Field of Broken Dreams: Fiat 124 Spiders

From Rocco B. comes word of a cluster of Spiders right in my own backyard, five Fiat 124 Spiders. Spiders don’t come in herds or prides, they come in clusters. One spider is from 1969, the other 4 are 1980 and 1981 models. They are listed on Craigslist and located in Fair Oaks, California. They can all be yours for “only” $6,500 and are priced individually from $1,000 to $2,500. There’s no word on the mechanical status only that they are complete. The seller says no parts have been removed, but they aren’t his cars. He is helping the executor of an estate sell them.

Here’s another view. That’s apparently the 1969 Fiat priced at $1,500.

This one look pretty solid from here. The interior can’t be very nice after sitting outside with the window open, but you never know.

This Spider looks solid from this end. This appears to be the one priced at $2,500. If these are from the Sacramento area rust won’t be a problem. The price will be though. The 1969 Spider could be worth a bit more than the others. Personally, it’s my favorite of the bunch but looks like it’s brown and would need lots of work. The nicest examples of later Spiders sell for up to $8,000. Decent driver quality Spiders sell for about $3,000. The most expensive barn find examples sell for about $1,000. Here’s a garage find listed on eBay for $5,000, but includes 2 cars. The prices will have to be a lot more reasonable for these spiders to find a new home. Generally, executors of estates don’t know much about cars and often think they are worth a lot more than they are.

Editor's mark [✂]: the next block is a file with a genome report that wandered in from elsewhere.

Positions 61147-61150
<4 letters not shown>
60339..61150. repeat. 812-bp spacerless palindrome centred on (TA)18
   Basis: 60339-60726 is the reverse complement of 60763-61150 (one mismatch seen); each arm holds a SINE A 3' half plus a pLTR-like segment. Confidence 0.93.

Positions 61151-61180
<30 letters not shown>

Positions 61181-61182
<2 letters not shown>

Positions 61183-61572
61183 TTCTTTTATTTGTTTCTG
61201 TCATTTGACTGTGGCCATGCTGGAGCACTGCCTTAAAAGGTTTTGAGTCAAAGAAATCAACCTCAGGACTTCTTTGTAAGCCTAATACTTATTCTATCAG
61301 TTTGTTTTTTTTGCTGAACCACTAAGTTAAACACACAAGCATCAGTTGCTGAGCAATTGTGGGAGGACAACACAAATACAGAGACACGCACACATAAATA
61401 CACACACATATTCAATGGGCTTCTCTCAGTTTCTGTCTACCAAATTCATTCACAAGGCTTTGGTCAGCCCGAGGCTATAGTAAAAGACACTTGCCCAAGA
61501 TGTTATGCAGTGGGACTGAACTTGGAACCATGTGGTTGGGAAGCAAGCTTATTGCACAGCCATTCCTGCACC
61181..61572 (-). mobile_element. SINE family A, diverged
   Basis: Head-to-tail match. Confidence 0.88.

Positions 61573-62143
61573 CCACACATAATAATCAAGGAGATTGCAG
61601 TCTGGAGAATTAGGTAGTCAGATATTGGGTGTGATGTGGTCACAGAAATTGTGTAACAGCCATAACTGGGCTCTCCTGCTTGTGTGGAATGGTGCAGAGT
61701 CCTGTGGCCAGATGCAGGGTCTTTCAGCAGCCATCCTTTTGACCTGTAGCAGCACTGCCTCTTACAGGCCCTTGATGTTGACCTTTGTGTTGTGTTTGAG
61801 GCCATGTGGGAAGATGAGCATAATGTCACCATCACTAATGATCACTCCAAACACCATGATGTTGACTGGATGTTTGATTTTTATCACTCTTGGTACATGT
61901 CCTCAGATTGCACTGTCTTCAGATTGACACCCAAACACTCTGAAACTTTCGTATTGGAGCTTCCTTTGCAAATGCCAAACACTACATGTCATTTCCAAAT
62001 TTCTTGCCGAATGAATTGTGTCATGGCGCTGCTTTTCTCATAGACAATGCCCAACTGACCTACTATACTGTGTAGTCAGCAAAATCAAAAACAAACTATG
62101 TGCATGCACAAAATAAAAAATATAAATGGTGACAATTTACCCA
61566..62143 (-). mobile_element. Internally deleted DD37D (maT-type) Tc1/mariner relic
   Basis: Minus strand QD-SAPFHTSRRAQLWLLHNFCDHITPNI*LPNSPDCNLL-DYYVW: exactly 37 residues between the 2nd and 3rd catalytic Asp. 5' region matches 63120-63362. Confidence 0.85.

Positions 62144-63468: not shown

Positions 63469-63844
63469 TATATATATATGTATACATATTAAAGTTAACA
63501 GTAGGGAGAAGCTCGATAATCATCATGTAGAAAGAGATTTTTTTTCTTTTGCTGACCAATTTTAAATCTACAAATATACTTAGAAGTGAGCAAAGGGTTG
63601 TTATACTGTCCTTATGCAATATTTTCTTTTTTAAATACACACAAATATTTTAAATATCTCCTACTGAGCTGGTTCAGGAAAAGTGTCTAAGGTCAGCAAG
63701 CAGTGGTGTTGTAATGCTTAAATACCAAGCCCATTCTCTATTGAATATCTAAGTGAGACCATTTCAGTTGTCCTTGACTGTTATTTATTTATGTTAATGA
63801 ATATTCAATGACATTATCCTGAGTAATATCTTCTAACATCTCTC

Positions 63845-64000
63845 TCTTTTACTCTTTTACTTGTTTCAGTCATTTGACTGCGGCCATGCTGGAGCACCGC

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  1. Beatnik Bedouin

    Fun-to-drive cars that were not known for their reliability.

    Shame the ’69 doesn’t have a title, as it would be my pick of the lot.

    A lot of these came into NZ in the late 1980s from the USA, as the Spyder was pretty rare, back then.

  2. Frank

    “Field of Broken Dreams”…such an awesome title!